WASHINGTON — The Japanese American Citizens League issued the following statement on Sept. 2.
Since 1971, the Southern Poverty Law Center (SPLC) has worked as a nonprofit organization to provide legal services in civil rights and public services litigation. An important part of their role in fighting for civil rights is their work against extremist and hate organizations, not only in the courtroom, but also in their identification of these groups for other organizations, including federal law enforcement agencies.
Unfortunately, it has become much too common for some to challenge the legitimacy of the SPLC’s work in identifying hate groups.
The Japanese American Citizens League is proud to stand with SPLC and in support of their work identifying hate groups regardless of ideology or political identification. We are not alone in our praise for SPLC’s work as it is also widely applauded by government agencies, media, and other nonprofit civil rights organizations.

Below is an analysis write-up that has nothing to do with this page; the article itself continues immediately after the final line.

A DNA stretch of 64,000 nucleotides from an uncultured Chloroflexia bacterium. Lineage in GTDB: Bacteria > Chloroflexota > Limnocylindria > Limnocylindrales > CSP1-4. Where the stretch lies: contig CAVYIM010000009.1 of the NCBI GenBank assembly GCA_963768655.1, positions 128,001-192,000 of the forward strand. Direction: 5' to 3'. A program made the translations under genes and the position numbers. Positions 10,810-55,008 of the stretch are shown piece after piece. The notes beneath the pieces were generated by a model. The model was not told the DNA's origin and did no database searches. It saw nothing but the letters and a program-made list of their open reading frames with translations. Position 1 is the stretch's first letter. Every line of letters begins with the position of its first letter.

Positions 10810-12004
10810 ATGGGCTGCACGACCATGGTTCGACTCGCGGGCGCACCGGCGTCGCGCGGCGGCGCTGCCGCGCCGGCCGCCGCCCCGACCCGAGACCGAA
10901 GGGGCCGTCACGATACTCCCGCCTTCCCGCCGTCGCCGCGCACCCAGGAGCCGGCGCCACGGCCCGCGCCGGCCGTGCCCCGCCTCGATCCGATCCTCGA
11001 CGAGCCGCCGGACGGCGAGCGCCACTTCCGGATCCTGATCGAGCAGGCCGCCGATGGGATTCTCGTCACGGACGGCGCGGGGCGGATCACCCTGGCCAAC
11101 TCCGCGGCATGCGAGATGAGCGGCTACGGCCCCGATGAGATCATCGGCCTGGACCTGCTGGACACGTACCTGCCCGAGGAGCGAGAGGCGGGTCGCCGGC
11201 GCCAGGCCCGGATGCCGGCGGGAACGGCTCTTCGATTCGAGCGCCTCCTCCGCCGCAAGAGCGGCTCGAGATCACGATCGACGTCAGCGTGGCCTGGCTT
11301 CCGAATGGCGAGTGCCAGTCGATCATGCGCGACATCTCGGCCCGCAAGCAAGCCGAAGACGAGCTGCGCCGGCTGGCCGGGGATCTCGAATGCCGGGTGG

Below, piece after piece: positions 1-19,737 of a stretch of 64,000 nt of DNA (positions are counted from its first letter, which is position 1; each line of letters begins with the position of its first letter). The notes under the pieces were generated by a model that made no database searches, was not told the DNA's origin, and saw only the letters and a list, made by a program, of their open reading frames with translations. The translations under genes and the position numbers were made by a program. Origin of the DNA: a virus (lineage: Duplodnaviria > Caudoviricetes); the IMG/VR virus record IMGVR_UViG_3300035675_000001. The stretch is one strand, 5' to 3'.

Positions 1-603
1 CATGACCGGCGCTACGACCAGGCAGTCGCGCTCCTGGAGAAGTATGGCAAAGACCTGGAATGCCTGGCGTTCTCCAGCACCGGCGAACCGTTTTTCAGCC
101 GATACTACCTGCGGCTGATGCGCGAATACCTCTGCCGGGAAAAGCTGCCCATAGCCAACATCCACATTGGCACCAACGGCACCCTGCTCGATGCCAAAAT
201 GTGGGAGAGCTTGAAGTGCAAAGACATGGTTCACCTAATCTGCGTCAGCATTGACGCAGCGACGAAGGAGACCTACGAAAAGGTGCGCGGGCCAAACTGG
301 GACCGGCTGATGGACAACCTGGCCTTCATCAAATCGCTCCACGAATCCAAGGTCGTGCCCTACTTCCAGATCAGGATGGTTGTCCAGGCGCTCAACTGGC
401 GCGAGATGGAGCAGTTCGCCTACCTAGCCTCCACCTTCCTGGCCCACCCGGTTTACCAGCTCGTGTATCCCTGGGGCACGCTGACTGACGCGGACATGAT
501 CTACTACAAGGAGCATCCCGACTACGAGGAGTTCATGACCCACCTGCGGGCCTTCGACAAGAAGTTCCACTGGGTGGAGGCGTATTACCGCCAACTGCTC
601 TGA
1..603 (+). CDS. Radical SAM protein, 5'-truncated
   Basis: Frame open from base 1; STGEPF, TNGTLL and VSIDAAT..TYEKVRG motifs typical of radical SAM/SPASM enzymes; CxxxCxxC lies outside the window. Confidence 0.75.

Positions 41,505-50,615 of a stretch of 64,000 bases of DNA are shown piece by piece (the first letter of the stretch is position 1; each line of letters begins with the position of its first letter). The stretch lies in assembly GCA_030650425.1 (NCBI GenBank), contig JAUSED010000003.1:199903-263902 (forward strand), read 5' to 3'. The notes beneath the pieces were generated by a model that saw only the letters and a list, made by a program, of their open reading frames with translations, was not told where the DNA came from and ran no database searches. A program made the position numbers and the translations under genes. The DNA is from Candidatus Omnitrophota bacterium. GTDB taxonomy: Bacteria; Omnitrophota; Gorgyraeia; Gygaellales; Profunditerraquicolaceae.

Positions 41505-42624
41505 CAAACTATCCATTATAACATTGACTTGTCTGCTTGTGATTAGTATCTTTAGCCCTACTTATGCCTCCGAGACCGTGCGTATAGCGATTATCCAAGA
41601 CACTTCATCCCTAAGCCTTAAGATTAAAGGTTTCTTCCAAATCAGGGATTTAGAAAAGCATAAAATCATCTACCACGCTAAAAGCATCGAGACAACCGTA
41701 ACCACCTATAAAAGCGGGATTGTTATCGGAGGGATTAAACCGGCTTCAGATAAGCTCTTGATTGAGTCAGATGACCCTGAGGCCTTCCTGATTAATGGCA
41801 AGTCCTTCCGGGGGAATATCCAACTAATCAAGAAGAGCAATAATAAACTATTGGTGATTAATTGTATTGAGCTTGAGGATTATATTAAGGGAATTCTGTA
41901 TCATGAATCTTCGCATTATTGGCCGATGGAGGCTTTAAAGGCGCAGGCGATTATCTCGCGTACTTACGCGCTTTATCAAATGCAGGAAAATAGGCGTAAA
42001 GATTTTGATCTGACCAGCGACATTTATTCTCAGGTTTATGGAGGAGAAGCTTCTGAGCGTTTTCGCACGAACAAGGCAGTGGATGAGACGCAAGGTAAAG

The SPLC identifies hate groups as “an organization [that] has beliefs or practices that attack or malign an entire class of people, typical for their immutable characteristics.” Since 1990, the SPLC has published an annual “census” of hate groups across the United States. In 2019, they identified 940 hate groups in operation across the country.
The work that SPLC and other anti-hate groups have done is important as they highlight the bigotry and extremism that still exist in this country. Rather than attempting to discredit the SPLC’s annual census of hate groups, identified organizations would do much better to change their ideology and actions to not directly attack people because of their immutable characteristics.